Another strategy I tried when I just could not make or find time for my PhD, which was sometimes for a few weeks at a time, was to keep scribbling in my personal research journal, even if it was just to take 5 minutes to write ‘awful week – hectic at work, so many deadlines. Just not getting anything done. Feel desperate’. Acknowledging my feelings and struggles, even to myself, made them less overwhelming somehow. It wasn’t all just in my head – by writing it down I could just accept that this was my reality at that time, and put my head down and try to get the other hectic things done so I could try and make time to work on my PhD. I think there is a lot to be said for verbalising (even in writing) a feeling or issue, and getting it out of your head, even to yourself. Journalling can be a very helpful tool during your PhD.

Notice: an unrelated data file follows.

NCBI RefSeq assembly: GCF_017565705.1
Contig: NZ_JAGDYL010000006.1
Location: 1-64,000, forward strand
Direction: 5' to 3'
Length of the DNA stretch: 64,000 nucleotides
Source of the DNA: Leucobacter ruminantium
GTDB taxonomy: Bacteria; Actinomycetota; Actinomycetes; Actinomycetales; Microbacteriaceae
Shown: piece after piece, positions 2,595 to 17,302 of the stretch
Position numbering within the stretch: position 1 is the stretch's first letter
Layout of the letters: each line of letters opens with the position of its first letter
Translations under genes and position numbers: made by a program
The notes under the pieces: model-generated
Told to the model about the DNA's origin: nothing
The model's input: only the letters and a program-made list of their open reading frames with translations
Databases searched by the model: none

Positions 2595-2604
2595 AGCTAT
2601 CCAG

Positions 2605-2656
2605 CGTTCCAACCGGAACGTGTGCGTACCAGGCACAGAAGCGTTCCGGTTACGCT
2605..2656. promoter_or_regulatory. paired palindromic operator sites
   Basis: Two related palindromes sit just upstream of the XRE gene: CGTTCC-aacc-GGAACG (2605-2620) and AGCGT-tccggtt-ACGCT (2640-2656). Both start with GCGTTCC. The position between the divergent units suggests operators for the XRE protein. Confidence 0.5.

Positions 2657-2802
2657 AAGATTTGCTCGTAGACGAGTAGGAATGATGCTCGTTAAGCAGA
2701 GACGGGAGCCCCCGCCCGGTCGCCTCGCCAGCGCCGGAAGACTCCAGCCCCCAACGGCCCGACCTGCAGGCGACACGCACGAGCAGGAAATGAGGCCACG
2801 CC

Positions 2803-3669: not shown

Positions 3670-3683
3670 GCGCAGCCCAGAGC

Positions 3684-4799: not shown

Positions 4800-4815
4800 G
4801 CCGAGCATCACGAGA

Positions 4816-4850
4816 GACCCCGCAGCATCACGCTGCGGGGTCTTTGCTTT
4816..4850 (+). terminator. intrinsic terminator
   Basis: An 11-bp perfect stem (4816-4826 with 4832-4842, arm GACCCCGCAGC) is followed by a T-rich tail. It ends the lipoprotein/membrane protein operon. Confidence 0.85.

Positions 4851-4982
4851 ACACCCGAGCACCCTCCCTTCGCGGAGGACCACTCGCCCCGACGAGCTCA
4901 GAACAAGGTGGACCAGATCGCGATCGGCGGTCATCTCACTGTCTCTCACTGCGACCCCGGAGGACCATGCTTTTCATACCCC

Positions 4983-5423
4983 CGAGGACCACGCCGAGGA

I think my last piece of advice to my struggling friend and to all PhD students in this place right now is to stop saying mean things to yourself about how little progress you are making and how unlikely it is that you will finish on time and how terrible a PhD student you are being right now. This will only feed those negative emotions and will probably also make you feel resentful of your PhD and the demands it will make on your time until it is finished. If you resent it, you are then less likely to want to go back and immerse yourself in it. So, STOP. Get a piece of paper or your own research journal and a pen out. Write: ‘Dear (your name), I know you are having a rough time right now, and time for writing is scarce. I know your head is full of other things. BUT, you can do this. You are a productive person. You work hard. You will finish me. Just take a deep breath, put your head down and get these other things done, and then make that time to get back to me again. All will be well. Love, your PhD’. Write something kind and encouraging. Then make a realistic list of the other things you have to do. With a red pen, list the things that are urgent, like exams that have to be marked or a report that must be in on a certain date. With a green pen, list the things that could be delegated (yes, delegated) or could wait until later on. Then, make that time for your PhD. It is there, although it seems buried deep beneath these other demands. Perhaps part of letting go of guilt and shame is also just letting go of having to be the one who does it all, and embracing being the one who can and does say no to things that can be done later or by someone else.